Talking about the Rajasthan Medical Services Corporation(RMSC) his paper underlined the way RMSC, by adopting and improving on the Tamil Nadu model and despite daunting challenges, has made it possible to provide free access to medicines to people, especially the deserving poor. Coupled with proper educational, managerial, and regulatory interventions, and strong political will, RMSC has made it possible to bring about positive changes in enhancing affordable access to quality medicines and universal health.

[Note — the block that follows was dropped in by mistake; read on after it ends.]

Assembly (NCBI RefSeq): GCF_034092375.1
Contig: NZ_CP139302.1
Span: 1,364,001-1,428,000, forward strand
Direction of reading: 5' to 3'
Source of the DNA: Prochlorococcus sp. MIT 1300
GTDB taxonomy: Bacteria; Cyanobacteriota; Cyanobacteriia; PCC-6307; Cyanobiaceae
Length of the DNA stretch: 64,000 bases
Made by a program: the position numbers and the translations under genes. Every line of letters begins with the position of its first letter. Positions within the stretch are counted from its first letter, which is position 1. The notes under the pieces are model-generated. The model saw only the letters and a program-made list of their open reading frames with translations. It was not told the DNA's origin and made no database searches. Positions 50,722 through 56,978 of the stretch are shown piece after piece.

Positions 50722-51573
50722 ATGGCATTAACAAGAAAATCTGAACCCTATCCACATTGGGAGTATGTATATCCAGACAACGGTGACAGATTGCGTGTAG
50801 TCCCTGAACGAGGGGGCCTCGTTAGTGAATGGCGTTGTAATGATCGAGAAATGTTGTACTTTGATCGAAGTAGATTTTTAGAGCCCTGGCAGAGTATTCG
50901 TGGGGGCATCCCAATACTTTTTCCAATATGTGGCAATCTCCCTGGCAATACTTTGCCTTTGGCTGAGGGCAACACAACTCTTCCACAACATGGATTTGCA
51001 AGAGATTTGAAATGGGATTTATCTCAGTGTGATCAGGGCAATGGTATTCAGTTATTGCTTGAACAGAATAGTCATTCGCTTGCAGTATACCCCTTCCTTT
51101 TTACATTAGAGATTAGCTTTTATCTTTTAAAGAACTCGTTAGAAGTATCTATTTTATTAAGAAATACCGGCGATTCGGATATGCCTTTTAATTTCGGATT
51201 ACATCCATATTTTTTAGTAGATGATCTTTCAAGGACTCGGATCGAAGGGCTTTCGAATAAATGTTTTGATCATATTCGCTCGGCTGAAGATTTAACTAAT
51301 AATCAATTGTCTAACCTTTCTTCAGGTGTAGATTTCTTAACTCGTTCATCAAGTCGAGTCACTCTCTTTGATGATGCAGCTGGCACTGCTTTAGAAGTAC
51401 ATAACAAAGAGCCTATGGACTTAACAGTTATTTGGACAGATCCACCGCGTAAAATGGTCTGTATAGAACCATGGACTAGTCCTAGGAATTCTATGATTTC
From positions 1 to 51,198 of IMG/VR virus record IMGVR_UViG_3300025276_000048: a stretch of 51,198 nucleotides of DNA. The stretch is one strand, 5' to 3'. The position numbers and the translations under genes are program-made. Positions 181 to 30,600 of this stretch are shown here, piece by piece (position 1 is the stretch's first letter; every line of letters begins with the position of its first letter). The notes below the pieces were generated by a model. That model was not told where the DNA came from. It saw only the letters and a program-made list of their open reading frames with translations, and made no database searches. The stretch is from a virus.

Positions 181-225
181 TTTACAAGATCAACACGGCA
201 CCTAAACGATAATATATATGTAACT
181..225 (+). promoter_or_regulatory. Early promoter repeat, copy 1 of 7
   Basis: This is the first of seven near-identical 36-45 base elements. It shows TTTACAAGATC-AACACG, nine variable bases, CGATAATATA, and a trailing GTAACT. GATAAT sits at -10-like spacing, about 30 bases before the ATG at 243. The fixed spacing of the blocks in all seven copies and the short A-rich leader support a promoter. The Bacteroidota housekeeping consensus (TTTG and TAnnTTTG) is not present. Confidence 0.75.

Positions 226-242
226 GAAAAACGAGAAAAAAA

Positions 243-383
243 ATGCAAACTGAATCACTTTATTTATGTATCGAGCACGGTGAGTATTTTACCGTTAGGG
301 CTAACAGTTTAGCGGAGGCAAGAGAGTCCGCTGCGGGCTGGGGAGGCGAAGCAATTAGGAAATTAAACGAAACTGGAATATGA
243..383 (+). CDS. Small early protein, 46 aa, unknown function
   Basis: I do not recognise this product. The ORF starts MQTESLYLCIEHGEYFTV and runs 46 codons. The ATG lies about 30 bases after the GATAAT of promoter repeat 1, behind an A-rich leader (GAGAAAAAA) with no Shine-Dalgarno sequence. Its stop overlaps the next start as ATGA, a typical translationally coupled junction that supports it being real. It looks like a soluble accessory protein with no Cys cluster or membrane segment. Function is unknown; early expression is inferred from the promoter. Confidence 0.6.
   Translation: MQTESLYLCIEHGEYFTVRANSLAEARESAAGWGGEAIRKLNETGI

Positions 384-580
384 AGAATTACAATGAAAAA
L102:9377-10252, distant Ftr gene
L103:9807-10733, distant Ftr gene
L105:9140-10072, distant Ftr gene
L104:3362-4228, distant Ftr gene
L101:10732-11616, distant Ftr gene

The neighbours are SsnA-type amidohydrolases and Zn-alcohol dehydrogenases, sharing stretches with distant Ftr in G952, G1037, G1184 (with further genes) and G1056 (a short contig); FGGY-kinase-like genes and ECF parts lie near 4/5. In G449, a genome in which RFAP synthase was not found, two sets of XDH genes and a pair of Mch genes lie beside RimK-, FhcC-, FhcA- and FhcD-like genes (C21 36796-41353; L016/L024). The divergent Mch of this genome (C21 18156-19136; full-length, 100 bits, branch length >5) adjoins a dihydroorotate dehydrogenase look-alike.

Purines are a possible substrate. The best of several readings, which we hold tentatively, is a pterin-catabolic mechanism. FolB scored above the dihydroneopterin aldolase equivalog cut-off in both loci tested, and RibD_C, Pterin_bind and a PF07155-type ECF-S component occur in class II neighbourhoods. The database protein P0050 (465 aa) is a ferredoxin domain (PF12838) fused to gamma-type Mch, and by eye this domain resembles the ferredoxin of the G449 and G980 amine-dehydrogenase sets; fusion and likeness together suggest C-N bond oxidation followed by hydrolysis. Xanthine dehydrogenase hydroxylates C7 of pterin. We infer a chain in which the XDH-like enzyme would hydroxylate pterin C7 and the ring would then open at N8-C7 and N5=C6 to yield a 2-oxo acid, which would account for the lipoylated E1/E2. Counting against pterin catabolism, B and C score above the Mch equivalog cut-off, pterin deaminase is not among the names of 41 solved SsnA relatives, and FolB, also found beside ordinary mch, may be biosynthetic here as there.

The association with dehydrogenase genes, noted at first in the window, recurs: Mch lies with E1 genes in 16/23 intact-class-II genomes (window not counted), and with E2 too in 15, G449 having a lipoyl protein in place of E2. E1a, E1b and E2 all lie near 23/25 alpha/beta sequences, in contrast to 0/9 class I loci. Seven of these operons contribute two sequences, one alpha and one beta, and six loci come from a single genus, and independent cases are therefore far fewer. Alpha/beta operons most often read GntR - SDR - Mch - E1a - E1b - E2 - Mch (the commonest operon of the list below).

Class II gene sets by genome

Prof. Vijay Kumar’s paper, Health Care in India: An Overview,outlined how huge and complex in magnitude India’s health care challenges are because of its large and diverse population, chronic poverty and inequality.The paper emphasised the urgent need to address certain emerging health issues such as new, non-communicable diseases, HIV and (AIDS) along with old problems of communicable diseases and high maternal and infant mortality rates. Added to it were the health problems of the growing numbers of the aged population. Prof.Kumar also talked about various challenges of health care in India: for instance, the burden of infectious diseases; reproductive, child health care and nutritional problems, chronic diseases and injuries; universal access to healthcare, health care human resources, health care finances, and so on. While discussing the National Health Policy2015, he put forwarded a few suggestions for the policy principles: universal access and patient-centred quality care; inclusive partnerships, accountability,professionalism; integrity and ethics, and achieving reduction in out-of-pocket,private expenditure etc.